Despite that historical logic, one airline recently figured out how to adjust and give its flight attendants good news. Delta Air Lines recently revealed a new pay component that took effect on June 2 that compensates workers for hours worked during boarding time.
“The addition of boarding pay to flight attendant compensation is a testament to Delta’s longstanding commitment to deliver industry-leading pay to our industry-leading team while enhancing our operational reliability for customers,” the airline said in a statement.
Despite that progress, the overall issue of paying flight attendants is something that union representatives are vigorously trying to resolve.
“I believe that the boarding pay discussions need to go further,” Peterson told ConsumerAffairs. “[They should] include the time flight attendants are required to remain onboard when passengers deplane, which oftentimes is extended due to passengers requiring wheelchairs, as well as for those for the times that they are responsible after flight for handling unaccompanied minors, which airlines often charge passengers for the service,”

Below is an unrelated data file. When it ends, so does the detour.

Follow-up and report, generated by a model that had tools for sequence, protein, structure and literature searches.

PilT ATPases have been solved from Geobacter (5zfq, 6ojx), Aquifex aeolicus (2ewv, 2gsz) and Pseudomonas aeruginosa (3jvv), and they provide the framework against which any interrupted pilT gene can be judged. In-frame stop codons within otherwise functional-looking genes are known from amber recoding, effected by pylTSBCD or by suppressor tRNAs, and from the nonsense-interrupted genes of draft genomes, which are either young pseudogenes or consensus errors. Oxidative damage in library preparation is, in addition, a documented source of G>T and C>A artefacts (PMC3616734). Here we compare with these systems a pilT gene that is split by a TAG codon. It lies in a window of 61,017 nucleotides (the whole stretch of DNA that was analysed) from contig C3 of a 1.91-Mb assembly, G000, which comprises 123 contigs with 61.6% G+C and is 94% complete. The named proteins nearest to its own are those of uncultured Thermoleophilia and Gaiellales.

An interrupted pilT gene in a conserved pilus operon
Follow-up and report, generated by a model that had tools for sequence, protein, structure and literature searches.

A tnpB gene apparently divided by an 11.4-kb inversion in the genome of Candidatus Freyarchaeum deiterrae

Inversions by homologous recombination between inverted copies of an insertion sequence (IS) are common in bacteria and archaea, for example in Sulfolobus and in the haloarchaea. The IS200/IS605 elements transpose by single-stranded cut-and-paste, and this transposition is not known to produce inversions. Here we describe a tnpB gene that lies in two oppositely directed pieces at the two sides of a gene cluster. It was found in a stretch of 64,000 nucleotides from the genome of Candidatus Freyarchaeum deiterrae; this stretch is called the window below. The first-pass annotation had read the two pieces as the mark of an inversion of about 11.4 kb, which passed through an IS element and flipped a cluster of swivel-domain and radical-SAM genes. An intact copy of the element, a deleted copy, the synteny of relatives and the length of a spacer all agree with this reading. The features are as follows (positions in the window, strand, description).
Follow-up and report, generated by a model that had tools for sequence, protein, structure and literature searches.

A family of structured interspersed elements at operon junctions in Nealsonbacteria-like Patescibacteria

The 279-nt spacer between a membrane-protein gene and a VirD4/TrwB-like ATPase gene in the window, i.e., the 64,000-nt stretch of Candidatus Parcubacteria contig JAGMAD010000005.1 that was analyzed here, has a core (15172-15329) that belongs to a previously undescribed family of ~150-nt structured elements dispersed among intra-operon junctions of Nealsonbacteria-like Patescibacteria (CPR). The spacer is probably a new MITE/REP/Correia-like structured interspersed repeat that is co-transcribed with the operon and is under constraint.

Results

Workers face headwinds while the industry makes money
Unfortunately, financial compensation isn’t the only thing that is causing a drag on flight attendants; staffing shortages across the industry have also created a difficult environment for these workers.
As the airline industry came out of the COVID-19 pandemic, many carriers scrambled to rehire employees who had been out of work for months. Getting flight attendants up to speed with training certifications is still an ongoing process, and it’s forcing those who are already on the job to take on more work and cover more responsibilities. Those conditions have reportedly led to high rates of burnout among flight attendants, some of whom are choosing to leave the industry.